Review: ‘My Zoe’

With Julie Delpy's Scientific Melodrama, Some Ideas Are Better Left Off The Screen

Scientific advancement and ethics have always been debated on screen. In the new film My Zoe, written, directed and starring Julie Delphy, the pain of raising a child combine and inevitable scientific advancement combine to try to demonstrate the lengths a mother will go to protect and be with her child.

In My Zoe, Delphy plays Isabelle, a newly divorced mother living in Berlin and working as a geneticist. Her ex-husband (Richard Armitege) is a loving father who uses their child as a way to control his ex-wife. When something life changing happens to their daughter Zoe, Isabelle must determine whether a life without Zoe is worth living or if she can use technology to change it.

Delpy is almost directing two movies here. The first a family melodrama, focusing on two toxic parents battling for custody. In the film’s last forty percent, it switches to sci -fi drama on the ethics of cloning. That latter forty percent, feels completely rushed and instead focusing on the moral intricacies of creating a cloned child, Delpy completely brushes past it. As a writer, Delpy is not able to capture the nuance of the subject matter in the film’s 105 minute runtime. Stories that flip genres part way through always do better as a novel or even a tv show where more of the characters’ motivations can be worked out further. The Delpy version feels rushed and not left open to debate, like a melodramatic Black Mirror movie.

My Zoe is full of solid supporting performances. Richard Armitage is able to make the narcissistic and toxic ex-husband into something actually relatable and someone endearing. However that might be easily done considering Delphy’s own performance is often one note after the first twenty minutes of the film. Daniel Brühl and Gemma Arterton, two underrated but always reliable actors, are completely misused in the film, regulated to that final forty percent. This is where the miniseries format would have elevated the piece. Used even less is the great Lindsay Duncan, appearing in only two scenes. Her role as Isabelle’s mother seems to effect neither plot or character development, begging the almost unforgivable question of an actor of Duncan’s caliber, was she even needed in the first place?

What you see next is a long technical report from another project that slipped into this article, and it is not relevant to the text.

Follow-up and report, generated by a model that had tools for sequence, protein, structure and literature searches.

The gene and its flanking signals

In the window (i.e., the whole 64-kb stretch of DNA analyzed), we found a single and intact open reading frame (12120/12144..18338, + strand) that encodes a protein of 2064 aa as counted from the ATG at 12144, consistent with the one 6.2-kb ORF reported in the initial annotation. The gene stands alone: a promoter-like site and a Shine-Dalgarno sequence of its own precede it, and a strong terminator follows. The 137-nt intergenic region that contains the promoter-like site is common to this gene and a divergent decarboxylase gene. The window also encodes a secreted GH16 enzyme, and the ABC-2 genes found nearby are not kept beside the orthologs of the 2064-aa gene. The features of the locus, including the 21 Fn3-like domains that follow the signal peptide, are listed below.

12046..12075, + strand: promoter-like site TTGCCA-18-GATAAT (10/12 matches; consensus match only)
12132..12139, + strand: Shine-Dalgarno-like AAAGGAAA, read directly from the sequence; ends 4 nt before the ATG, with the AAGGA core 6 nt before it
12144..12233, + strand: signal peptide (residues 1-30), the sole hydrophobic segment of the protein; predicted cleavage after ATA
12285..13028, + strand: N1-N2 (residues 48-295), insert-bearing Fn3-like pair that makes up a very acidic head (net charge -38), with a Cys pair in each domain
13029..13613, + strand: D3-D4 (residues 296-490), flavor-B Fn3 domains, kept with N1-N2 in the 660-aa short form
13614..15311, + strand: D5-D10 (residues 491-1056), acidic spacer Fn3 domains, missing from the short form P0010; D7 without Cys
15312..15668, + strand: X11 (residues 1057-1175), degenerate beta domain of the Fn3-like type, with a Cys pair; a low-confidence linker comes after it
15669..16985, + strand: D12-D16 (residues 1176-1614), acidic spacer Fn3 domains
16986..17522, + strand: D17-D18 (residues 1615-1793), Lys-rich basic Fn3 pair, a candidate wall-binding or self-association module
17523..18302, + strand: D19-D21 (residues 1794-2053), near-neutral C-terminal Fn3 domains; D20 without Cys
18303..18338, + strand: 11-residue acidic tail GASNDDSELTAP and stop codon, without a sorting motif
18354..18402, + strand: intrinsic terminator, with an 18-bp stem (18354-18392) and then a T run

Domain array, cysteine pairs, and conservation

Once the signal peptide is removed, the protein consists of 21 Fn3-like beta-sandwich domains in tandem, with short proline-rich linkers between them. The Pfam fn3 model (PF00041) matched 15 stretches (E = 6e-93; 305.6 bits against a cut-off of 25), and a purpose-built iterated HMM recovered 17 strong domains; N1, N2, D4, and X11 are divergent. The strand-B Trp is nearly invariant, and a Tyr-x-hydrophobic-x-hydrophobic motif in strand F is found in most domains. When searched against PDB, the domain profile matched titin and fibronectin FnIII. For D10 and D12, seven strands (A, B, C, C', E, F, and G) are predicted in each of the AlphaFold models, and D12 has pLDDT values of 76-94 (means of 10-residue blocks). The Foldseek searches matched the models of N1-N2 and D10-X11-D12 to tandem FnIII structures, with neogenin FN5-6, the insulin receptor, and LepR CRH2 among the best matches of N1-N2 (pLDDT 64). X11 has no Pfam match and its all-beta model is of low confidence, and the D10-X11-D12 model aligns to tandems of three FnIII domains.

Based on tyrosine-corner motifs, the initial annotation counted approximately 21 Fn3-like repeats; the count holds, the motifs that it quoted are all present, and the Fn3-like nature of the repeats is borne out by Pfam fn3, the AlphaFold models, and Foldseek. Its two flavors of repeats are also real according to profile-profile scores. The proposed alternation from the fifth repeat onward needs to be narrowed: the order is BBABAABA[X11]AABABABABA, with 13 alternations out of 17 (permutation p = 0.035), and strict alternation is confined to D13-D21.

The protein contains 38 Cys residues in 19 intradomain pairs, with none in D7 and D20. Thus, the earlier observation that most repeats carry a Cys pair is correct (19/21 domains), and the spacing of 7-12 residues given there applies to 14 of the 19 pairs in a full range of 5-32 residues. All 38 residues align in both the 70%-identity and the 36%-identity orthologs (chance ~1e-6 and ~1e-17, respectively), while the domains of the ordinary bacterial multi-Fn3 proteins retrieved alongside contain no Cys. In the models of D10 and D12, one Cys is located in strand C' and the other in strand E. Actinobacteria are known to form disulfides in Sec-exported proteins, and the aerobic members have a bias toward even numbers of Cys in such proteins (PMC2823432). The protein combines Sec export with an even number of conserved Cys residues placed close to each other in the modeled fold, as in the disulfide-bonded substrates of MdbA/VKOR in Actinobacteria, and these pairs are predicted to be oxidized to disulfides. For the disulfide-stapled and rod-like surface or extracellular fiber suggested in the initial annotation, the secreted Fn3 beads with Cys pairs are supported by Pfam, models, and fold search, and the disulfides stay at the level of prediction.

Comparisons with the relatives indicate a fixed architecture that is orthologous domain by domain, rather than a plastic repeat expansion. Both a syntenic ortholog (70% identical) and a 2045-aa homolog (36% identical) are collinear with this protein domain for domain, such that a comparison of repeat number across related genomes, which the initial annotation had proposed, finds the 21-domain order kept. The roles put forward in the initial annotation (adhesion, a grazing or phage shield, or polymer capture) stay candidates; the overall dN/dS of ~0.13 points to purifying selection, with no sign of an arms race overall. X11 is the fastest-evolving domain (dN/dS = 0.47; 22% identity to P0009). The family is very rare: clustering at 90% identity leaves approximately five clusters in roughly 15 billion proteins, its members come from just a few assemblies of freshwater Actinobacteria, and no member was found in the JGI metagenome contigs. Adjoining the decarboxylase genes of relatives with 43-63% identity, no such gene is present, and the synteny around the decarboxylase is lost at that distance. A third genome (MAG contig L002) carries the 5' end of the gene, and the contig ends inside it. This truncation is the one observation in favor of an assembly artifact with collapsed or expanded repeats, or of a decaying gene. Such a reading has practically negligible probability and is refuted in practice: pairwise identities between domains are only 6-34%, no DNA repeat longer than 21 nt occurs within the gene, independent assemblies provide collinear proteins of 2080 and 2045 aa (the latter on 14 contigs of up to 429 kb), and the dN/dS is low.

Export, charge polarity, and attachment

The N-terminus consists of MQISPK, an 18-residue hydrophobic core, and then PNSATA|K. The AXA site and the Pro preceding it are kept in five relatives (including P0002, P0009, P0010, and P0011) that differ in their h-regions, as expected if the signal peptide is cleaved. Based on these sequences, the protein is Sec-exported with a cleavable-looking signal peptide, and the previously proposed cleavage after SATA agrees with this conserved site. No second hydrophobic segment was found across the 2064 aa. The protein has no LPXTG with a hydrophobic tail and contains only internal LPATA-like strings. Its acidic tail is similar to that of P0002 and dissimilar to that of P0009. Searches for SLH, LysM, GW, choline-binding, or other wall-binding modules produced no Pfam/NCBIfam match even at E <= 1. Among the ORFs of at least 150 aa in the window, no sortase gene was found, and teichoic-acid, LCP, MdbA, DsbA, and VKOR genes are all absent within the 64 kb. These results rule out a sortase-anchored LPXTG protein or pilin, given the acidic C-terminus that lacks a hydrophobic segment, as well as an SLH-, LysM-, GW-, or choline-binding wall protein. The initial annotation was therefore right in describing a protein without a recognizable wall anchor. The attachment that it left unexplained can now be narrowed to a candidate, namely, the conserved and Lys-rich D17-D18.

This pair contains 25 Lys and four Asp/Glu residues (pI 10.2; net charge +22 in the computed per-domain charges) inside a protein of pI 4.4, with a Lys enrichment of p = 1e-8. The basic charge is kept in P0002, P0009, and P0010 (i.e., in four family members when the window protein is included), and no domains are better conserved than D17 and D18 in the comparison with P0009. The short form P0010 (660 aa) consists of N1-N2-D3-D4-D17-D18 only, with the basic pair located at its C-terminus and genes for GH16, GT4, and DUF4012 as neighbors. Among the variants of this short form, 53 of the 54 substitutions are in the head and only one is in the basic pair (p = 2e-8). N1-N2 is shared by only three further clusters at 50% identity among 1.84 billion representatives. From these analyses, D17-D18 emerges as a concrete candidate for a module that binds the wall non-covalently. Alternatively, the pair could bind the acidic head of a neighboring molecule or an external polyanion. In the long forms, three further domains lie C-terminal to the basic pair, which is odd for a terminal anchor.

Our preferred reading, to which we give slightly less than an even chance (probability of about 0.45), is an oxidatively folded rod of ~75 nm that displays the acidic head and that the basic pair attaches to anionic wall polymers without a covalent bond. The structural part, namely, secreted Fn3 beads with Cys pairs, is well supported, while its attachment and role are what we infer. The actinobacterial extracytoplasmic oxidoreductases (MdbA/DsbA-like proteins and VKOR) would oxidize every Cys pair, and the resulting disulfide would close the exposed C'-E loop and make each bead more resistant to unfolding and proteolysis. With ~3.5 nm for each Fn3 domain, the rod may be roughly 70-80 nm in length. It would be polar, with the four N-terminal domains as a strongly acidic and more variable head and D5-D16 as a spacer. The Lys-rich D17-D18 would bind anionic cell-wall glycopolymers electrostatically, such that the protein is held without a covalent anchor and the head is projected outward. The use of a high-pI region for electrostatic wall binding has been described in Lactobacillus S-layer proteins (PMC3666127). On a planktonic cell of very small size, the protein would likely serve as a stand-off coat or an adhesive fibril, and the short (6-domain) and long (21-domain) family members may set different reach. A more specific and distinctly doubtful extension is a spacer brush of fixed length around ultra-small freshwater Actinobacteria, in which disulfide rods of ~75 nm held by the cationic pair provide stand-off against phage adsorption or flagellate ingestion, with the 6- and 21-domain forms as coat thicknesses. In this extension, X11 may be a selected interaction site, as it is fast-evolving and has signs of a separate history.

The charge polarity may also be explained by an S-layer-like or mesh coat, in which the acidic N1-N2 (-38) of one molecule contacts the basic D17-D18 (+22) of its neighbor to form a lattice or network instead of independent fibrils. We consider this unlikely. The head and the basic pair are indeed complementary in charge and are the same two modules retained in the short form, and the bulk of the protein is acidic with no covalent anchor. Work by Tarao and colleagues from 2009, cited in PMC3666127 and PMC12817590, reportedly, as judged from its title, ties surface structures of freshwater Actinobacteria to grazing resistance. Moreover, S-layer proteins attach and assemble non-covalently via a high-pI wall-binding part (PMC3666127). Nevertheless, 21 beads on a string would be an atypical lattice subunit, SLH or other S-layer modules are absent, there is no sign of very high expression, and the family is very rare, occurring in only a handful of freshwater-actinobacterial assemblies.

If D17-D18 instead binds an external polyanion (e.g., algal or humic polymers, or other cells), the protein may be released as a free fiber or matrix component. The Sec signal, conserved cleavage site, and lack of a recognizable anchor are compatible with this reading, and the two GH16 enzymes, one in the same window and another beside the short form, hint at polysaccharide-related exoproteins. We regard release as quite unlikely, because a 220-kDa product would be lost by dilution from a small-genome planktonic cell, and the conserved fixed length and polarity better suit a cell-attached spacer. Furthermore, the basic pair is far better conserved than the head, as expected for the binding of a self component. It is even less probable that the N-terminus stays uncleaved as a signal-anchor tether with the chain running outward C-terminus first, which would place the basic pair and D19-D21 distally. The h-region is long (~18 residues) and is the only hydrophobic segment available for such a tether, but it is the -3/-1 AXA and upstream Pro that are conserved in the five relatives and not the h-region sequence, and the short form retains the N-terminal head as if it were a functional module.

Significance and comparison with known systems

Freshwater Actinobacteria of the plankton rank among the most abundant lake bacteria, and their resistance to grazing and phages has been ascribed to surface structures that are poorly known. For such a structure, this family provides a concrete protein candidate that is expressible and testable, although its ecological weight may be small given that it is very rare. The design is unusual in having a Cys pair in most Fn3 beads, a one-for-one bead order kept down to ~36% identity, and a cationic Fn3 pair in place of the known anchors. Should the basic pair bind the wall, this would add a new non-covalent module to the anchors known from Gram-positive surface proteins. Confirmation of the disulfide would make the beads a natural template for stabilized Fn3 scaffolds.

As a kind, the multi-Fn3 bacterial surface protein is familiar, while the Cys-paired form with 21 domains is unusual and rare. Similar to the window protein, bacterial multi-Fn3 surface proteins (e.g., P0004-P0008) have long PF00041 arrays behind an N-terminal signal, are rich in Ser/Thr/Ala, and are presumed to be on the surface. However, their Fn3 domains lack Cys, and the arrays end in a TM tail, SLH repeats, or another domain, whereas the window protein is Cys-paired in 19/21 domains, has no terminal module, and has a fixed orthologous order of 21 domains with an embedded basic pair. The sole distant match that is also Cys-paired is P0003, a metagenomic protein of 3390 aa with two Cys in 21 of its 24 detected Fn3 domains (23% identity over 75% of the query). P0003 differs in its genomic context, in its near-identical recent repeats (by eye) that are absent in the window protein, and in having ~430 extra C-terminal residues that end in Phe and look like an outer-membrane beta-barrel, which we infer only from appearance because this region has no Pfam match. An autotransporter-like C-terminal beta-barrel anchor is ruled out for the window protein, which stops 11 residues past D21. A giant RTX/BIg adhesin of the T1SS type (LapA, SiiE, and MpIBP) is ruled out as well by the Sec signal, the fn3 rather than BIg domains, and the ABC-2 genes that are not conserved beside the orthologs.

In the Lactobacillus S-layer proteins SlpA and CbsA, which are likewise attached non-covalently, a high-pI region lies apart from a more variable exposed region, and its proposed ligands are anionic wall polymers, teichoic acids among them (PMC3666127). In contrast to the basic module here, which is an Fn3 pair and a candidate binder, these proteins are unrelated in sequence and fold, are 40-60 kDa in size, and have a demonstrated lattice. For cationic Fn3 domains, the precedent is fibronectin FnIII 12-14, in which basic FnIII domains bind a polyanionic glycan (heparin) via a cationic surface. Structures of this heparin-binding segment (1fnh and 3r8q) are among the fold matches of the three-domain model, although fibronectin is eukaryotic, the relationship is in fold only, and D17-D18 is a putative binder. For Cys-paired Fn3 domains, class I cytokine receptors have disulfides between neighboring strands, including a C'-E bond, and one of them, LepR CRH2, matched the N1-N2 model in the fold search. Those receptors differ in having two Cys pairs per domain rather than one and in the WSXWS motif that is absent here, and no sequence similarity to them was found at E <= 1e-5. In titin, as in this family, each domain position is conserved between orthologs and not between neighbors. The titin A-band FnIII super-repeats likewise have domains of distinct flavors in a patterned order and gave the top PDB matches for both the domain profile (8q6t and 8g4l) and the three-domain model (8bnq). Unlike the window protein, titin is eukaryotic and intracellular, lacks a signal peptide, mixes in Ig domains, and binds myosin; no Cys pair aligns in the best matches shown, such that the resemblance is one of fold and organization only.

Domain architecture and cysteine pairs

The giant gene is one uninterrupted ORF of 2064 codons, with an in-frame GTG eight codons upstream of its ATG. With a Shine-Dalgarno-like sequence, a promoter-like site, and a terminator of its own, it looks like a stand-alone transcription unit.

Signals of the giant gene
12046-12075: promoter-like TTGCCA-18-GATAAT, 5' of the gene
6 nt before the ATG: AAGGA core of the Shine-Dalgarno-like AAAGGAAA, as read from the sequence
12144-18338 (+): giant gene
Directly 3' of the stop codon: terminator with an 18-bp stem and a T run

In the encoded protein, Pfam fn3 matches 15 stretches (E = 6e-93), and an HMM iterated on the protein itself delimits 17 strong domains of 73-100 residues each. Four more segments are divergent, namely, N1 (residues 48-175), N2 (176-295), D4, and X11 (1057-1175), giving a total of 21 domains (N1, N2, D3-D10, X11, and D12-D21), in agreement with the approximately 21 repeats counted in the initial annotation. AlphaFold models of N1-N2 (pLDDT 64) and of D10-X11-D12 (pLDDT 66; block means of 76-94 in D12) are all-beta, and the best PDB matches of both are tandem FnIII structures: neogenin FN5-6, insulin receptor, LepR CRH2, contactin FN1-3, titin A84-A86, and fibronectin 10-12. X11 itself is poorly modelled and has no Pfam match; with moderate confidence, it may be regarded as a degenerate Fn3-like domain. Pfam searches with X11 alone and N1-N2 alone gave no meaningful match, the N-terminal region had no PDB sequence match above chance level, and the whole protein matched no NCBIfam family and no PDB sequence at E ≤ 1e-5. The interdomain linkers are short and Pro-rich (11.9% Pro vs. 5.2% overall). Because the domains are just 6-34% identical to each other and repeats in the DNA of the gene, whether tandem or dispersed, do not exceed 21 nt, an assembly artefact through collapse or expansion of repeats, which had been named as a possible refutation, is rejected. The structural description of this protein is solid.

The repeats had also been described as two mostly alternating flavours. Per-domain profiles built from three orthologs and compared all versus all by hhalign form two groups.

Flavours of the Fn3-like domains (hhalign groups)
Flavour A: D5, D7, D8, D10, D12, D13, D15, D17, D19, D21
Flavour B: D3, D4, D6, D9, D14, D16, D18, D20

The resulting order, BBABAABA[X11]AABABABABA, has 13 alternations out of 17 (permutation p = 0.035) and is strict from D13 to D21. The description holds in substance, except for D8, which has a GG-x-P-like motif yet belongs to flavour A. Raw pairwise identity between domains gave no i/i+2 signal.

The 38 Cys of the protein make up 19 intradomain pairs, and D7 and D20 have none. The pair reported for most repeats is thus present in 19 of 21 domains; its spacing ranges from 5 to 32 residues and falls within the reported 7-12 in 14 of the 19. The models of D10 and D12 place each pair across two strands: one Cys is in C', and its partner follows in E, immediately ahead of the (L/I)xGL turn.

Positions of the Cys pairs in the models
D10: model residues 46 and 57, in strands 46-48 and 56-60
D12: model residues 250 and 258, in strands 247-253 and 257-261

The concept of My Zoe works in theory. It’s an intricate story worth telling, but film is not the medium to tell it. On the technical side, Delphy delivers a solidly edited and visually constructed film. In theory, this film would work and be groundbreaking. Unfortunately My Zoe’s execution keeps it from resurrection.

My Zoe is in select theaters now and on demand May 25th. Watch the trailer below.

REVIEW OVERVIEW
'My Zoe'
A D.C area native, Cortland has been interested in media since birth. Taking film classes in high school and watching the classics with family instilled a love of film in Cortland’s formative years. Before graduating with a degree in English and minoring in Film Study from Elizabethtown College in Pennsylvania, Cortland ran the college’s radio station, where she frequently reviewed films on air. She then wrote for another D.C area publication before landing at Punch Drunk Critics. Aside from writing and interviewing, she enjoys podcasts, knitting, and talking about representation in media.